The fact is that seeing reality contestants try to “prove” something holds very little value for me. I appreciate a good reality storyline, and I think that every great reality show needs a great narrative or three in order to sustain itself. What is always difficult about all-star driven seasons, like both Redemption Island and The Amazing Race: Unfinished Business, is the way in which the narrative is defined for us: in the latter case, the teams are all introduced based on the reason they lost, and the season becomes more about them moving past that initial defeat than anything else.

I know my Amazing Race history, and so I remember almost all of these teams (like many others, Amanda and Kris were too short-lived and too generic to make an impression, but I did remember them eventually). There are also many stories here that I am inherently attached to: Zev and Justin’s early exit thanks to a lost passport and Mel and Mike’s charming father/son dynamic were two narratives that ended too early, and that I was excited to see more of. On the other hand, the idea of seeing more of Margie and Luke is somewhat terrifying, given the fairly odious behavior which characterized their more tense moments back in Season 14.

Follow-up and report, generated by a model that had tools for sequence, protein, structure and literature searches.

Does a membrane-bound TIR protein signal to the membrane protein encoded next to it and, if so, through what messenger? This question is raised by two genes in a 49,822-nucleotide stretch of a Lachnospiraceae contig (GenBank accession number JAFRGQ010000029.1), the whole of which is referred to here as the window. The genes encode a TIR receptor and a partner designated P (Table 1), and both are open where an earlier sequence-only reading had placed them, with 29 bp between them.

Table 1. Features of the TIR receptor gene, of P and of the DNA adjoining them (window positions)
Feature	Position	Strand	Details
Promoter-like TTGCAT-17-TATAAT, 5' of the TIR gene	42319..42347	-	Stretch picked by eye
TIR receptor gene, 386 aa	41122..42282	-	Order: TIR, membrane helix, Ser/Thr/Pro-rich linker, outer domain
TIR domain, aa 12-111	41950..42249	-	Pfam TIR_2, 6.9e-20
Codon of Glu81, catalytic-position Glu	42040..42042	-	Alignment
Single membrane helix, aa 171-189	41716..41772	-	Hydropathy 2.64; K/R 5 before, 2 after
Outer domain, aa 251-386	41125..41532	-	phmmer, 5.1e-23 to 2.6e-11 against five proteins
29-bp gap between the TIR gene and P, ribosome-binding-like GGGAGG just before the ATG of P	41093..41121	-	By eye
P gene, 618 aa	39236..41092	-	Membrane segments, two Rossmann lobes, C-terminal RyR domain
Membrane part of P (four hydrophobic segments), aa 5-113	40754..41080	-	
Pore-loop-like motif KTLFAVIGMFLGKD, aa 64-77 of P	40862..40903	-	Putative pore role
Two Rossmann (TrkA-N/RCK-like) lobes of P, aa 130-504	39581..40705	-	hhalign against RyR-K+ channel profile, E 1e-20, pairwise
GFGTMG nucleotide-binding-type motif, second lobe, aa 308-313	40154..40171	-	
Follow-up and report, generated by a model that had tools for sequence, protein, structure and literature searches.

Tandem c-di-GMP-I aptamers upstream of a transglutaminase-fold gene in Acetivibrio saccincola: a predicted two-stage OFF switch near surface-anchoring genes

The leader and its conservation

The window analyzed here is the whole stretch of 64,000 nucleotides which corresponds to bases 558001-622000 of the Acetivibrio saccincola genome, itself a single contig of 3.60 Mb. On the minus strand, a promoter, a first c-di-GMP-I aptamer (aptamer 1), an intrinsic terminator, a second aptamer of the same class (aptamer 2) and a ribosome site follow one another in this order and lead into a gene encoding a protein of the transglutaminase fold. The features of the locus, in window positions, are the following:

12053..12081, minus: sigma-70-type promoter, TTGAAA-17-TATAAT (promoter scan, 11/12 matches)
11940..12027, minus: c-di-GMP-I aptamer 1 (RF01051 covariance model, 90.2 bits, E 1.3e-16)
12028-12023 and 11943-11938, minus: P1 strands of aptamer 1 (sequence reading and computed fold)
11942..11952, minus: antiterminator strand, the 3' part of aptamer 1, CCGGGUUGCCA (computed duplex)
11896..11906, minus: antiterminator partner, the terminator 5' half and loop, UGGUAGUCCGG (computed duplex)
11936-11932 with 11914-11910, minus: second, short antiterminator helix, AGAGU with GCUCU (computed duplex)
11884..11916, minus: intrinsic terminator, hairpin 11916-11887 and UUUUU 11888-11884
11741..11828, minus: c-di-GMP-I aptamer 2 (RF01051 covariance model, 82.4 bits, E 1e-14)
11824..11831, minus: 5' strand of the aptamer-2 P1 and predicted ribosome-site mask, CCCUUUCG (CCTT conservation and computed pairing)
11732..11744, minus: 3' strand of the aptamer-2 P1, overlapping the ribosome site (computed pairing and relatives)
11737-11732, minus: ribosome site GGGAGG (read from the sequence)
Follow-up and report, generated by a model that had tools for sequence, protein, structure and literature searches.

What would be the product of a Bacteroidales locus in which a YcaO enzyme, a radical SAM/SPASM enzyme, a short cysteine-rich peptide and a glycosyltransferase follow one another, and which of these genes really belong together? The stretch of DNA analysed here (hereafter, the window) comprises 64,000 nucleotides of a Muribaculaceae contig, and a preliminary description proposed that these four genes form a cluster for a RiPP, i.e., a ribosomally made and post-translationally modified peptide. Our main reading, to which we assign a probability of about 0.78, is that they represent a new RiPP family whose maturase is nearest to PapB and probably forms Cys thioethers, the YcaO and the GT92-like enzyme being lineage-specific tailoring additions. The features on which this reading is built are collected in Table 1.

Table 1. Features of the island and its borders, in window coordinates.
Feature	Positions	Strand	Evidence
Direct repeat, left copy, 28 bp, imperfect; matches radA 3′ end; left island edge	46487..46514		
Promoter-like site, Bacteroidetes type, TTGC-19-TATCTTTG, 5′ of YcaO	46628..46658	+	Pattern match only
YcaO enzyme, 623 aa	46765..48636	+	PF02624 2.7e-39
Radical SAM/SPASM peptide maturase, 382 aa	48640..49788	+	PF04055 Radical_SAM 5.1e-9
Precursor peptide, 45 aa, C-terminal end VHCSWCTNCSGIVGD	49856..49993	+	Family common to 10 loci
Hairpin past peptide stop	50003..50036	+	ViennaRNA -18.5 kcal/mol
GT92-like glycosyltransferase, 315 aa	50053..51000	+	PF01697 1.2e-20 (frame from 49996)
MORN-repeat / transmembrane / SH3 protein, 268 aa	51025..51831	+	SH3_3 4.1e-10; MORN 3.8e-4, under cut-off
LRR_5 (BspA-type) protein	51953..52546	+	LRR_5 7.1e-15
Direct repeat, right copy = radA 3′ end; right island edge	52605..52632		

The difference between Redemption Island and Unfinished Business is simple: while the former has the ability to create new narratives early on, both based on the minimal all-star presence and the structure of the game, the latter is not built for the same type of instant narrative. This does not make it a failure, as the opening episode is filled with spectacle designed to highlight the switch to filming in HD, but it does mean that the season’s real value won’t be certain until we get a bit deeper into the race and see if any new narratives might be able to emerge.

Although there is evidence to suggest that the show is well aware that you can’t coast your way to the finals with just Unfinished Business.

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Making History: The Amazing (and Reductive) Race for an All-Female Winner

Making History: The Race for an All-Female Winner

December 12th, 2010

Tonight, there is a 2 in 3 chance of history being made on The Amazing Race.

For a show in its seventeenth season, it sorts of seems like it should be past the point of “making history,” but the fact of the matter is that no all-female team has ever won The Amazing Race (or at least the American version of the Amazing Race).

The show has been building towards this piece of history for a while now: Dustin and Kandice, arguably the “strongest” all-female team the show ever had, had two shots at the title before eventually losing out in the finals of their All-Star season (Season 11), while Jaime and Cara are the most recent team to make it to the finals in Season 14. However, the narrative hasn’t been particularly strong within a given season, I would argue, since the All-Star year: there, Dustin and Kandice had no other narrative but the notion that they should have been the first female team, and their eventual loss was one more step back for gender balance within this program.